One expects the tale we learn about the lesbian couple whose murder at the hands of the Rash brothers left its poisonous mark on the Brookhants land. One also expects the doom of the young schoolgirl lovers; the following dissolution of the middle-aged sapphics (to steal Danforth’s own turn of phrase) into madness and death is par for the course. When the curse gets its hooks into the trio of queer artists in the present, there are two expected outcomes: either they burn the school to its foundations and escape or they fall under the spell of the curse and meet a grisly end.
Except neither of those things happens. Instead, the trio reunite into their semi-coherent romantic unit at the premiere—hauling the curse along with them—and decide to embrace it together. The ugliness is not gone; the specters of dead women linger. Merritt has inherited the house and will go on to write further novels about it. Erasing the historical realities does nothing, and neither does avoiding them or collapsing into despair over them. But grabbing the mess with both hands and attempting to make space for themselves inside it, carrying the curse together as a communal unit, might offer them a hopeful future.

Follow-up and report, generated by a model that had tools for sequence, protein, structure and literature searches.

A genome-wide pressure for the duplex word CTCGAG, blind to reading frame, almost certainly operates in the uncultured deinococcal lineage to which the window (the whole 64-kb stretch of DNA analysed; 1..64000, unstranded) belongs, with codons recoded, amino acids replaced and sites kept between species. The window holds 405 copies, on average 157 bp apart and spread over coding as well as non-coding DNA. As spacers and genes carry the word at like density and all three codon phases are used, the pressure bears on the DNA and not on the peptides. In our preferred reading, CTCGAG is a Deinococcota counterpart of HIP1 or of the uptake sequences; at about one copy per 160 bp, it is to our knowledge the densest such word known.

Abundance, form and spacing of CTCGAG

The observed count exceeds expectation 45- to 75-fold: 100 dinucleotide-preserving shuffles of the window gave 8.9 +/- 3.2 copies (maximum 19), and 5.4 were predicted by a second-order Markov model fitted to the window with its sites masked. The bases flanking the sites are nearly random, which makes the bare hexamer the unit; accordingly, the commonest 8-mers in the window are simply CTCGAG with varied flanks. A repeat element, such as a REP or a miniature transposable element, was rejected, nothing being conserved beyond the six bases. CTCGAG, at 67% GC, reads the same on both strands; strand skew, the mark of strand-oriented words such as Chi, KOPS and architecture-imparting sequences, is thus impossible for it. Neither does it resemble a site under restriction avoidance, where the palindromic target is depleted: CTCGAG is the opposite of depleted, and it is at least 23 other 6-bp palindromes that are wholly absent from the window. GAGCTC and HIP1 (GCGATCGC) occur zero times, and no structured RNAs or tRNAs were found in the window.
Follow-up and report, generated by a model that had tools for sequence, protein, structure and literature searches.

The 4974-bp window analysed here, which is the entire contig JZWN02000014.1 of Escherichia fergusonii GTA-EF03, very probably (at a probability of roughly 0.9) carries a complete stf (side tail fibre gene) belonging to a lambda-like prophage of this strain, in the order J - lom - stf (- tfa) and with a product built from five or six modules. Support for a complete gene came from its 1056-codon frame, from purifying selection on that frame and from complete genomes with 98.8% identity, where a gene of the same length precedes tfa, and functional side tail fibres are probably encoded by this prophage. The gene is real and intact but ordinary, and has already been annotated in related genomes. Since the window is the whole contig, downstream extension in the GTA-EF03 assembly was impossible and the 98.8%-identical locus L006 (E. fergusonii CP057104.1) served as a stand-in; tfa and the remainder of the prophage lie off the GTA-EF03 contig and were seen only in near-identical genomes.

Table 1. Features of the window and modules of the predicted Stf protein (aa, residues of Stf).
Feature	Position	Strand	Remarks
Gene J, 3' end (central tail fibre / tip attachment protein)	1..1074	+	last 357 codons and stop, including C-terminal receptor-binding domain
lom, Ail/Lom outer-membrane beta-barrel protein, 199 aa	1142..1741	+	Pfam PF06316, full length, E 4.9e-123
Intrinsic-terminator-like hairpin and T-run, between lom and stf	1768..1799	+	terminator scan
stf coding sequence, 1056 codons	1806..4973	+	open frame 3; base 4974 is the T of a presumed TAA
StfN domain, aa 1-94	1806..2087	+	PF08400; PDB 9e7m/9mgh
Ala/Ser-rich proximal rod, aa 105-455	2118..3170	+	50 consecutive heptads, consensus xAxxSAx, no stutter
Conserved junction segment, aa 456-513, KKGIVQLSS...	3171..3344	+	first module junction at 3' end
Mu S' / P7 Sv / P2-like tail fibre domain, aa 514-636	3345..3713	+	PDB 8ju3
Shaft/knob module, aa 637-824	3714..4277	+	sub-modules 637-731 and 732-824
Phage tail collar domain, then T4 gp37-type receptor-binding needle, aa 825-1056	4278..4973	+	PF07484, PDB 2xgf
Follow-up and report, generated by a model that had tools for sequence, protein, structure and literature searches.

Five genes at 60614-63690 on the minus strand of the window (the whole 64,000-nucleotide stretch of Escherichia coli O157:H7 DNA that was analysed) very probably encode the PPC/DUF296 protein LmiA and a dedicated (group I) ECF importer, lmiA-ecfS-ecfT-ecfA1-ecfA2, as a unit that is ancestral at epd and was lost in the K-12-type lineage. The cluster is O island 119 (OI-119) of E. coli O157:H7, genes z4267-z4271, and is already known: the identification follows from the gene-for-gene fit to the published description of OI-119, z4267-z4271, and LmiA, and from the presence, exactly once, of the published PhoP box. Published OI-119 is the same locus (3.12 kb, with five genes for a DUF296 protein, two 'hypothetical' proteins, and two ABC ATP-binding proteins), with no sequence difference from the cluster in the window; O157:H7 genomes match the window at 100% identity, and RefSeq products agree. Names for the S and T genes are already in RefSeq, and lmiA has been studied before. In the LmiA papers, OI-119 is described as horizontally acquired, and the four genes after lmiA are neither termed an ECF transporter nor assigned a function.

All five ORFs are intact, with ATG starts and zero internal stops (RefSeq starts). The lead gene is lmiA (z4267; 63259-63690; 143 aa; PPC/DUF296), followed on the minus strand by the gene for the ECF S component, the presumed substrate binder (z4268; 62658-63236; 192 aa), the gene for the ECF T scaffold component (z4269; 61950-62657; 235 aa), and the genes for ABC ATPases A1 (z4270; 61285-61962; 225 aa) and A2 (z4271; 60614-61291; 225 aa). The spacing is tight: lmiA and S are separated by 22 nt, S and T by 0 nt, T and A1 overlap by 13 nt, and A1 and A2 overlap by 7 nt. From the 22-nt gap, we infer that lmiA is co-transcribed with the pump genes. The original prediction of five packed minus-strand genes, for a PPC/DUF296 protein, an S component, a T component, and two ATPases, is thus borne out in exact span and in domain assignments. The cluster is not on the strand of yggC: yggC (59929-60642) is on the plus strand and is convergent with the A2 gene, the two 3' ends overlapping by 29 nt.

Plain Bad Heroines is a gothic that leaves them (and us) haunted, changed, but whole together. Ghosts and all.
Plain Bad Heroines is available from William Morrow.
Lee Mandelo is a writer, critic, and editor whose primary fields of interest are speculative fiction and queer literature, especially when the two coincide. They have two books out, Beyond Binary: Genderqueer and Sexually Fluid Speculative Fiction and We Wuz Pushed: On Joanna Russ and Radical Truth-telling, and in the past have edited for publications like Strange Horizons Magazine. Other work has been featured in magazines such as Stone Telling, Clarkesworld, Apex, and Ideomancer.